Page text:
Connie Smith (author) from Southern Tier New York State on March 09, 2013:

Hi Peggy, Again I share your sentiments when it comes to killing animals. I truly believe each one has its place in this universe, and serves a purpose. There are always either natural or non-toxic alternatives that are harmless to all. I understand the problems occurring in the big cities due to people living in such close proximity. But even NYC has acknowledged that these rat and mouse baits are too risky to use. That tells me that the major problem is not the infestation, but the money that can be made by big, greedy, uncaring companies.

I am so thankful that you are sharing this with your followers. You're right--it is super important that people know the true nature of the products they use.

Recently I read that Reckitt Benckiser has enlisted a former congressman to aid in their efforts to drag out this issue in court as long as possible. In the meantime they continue to make millions of dollars while our children, pets and natural predators remain in peril.

Your excellent support is very much appreciated. Thank you for your votes and shares!


torrilynn on March 09, 2013:

Hi grandmapearl,

thanks for the interesting story that you have written here

I've learned new things about rat poisoning that I did not know before

thanks again and Voted up

Peggy Woods from Houston, Texas on March 09, 2013:

I would rather not kill any living thing if at all possible. To read the lengths we went to get rid of squirrels in our attic, read my hub Two Funny Cute and Short Stories about Squirrels if you are interested. Voting this hub UUI and will share far and wide. This is so important to know because these chemicals are dangerous with long lasting effects. So glad that you wrote this!

Connie Smith (author) from Southern Tier New York State on February 14, 2013:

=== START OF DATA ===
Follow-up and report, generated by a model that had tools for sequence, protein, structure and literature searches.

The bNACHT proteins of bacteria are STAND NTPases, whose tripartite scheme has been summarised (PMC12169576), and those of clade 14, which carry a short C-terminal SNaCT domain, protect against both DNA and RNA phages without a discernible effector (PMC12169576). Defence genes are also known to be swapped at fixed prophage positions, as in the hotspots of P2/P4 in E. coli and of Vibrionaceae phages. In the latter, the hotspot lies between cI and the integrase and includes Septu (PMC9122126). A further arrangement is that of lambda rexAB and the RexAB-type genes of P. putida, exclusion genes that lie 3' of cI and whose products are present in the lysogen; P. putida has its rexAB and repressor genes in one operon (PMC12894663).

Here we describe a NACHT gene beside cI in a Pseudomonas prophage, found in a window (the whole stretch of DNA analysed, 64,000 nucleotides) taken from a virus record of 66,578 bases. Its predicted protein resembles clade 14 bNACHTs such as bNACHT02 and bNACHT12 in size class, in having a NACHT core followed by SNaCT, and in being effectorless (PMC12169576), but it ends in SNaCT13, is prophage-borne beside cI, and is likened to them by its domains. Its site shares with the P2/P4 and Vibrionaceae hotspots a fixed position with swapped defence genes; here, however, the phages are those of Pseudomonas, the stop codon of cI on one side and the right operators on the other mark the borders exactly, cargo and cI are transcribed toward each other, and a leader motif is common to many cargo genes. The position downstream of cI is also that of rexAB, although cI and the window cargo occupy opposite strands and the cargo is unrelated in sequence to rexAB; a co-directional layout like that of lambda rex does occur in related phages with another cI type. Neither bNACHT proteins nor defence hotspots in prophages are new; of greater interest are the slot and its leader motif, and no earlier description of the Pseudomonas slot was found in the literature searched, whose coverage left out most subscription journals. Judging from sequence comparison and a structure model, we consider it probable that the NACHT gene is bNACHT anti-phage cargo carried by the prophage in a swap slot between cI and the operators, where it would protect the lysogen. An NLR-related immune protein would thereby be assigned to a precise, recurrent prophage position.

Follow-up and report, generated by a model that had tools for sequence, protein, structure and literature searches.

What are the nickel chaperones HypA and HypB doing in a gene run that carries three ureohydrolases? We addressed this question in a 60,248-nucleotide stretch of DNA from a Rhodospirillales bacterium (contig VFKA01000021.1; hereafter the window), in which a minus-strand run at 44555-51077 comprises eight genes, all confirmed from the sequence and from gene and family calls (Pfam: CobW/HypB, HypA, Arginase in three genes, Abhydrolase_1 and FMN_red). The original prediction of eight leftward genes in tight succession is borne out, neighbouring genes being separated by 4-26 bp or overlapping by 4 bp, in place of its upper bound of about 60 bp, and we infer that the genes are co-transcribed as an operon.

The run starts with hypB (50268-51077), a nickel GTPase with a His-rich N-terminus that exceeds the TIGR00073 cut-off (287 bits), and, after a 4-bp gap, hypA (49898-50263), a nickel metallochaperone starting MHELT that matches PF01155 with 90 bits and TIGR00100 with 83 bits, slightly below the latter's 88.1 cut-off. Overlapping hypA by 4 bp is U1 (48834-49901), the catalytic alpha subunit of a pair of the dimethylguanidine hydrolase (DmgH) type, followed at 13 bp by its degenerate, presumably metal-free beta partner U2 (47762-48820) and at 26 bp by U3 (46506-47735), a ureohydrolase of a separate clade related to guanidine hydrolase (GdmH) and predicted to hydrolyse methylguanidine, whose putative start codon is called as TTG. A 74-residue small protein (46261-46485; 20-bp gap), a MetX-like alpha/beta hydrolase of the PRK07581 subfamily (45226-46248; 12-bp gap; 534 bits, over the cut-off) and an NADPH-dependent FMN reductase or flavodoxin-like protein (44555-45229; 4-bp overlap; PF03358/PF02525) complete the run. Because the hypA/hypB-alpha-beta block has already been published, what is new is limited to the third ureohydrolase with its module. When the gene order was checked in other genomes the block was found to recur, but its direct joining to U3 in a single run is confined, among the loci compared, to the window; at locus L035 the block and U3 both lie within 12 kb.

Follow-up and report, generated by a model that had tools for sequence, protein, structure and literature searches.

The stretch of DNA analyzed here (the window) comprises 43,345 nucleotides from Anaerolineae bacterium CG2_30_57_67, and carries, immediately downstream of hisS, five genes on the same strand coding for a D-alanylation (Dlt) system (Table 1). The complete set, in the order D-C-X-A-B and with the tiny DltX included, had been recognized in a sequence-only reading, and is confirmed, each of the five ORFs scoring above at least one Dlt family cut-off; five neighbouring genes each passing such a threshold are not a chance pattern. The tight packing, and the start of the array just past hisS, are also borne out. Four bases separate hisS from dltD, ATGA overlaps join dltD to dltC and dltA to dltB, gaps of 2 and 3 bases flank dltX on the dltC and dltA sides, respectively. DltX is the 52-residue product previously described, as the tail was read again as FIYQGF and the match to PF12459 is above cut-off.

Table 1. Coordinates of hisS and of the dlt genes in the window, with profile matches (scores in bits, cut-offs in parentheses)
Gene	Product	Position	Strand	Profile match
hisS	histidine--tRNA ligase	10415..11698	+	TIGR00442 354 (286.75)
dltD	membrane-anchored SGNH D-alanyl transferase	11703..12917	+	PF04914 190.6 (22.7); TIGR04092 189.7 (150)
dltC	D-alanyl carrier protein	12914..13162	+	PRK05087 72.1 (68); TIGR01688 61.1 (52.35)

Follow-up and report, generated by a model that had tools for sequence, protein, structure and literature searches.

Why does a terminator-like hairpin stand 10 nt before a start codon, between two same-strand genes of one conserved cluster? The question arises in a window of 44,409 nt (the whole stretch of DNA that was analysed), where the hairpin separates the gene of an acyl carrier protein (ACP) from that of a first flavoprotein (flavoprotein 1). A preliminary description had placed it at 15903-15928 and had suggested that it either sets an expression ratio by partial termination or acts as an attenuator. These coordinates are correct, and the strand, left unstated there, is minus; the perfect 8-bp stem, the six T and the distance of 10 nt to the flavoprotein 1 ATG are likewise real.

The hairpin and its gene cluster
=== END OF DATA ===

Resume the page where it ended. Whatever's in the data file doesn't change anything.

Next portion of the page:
tsadjatko, What a terrific story. If the Vitamin K improved the health of that barn owl, then it had most definitely been poisoned. Thank you for caring enough to research and help that animal. I'm glad you happened to look out that window. Sadly, this happens way too often to our wonderful birds of prey, as well as our 4-legged rodent eaters.

Thank you so much for sharing your heartwarming story. I wish you well, and I thank you.


Connie Smith (author) from Southern Tier New York State on February 14, 2013:

Hi Deb, you are so right about the water. All these horrible poisons are doing a number on us all. It seems like the powers that be usually come up with a sledgehammer, when a flyswatter would do better!

Thanks for the visit and the comments. It's always good to see you!

Connie Smith (author) from Southern Tier New York State on February 14, 2013:

Dear Eddy, Happy Valentine's Day to you as well, my friend. I wish you much love from my woodland in New York State. Thank you as always for your very supportive comments. They mean the world to me!

Have a wonderful day,


Eiddwen from Wales on February 14, 2013:

So interesting and useful pearl ;your obvious hard work has certainly paid off and here's to many more to share on here.

A very Happy valentine's day for you my dear friend. Lots of love from my little corner of Wales.



Deb Hirt from Stillwater, OK on February 13, 2013:

I like the peppermint oil approach. For decades, birds have been killed due to assorted rat poisons. Think of the poison that gets into our groundwater, too...

The Logician from then to now on on February 13, 2013: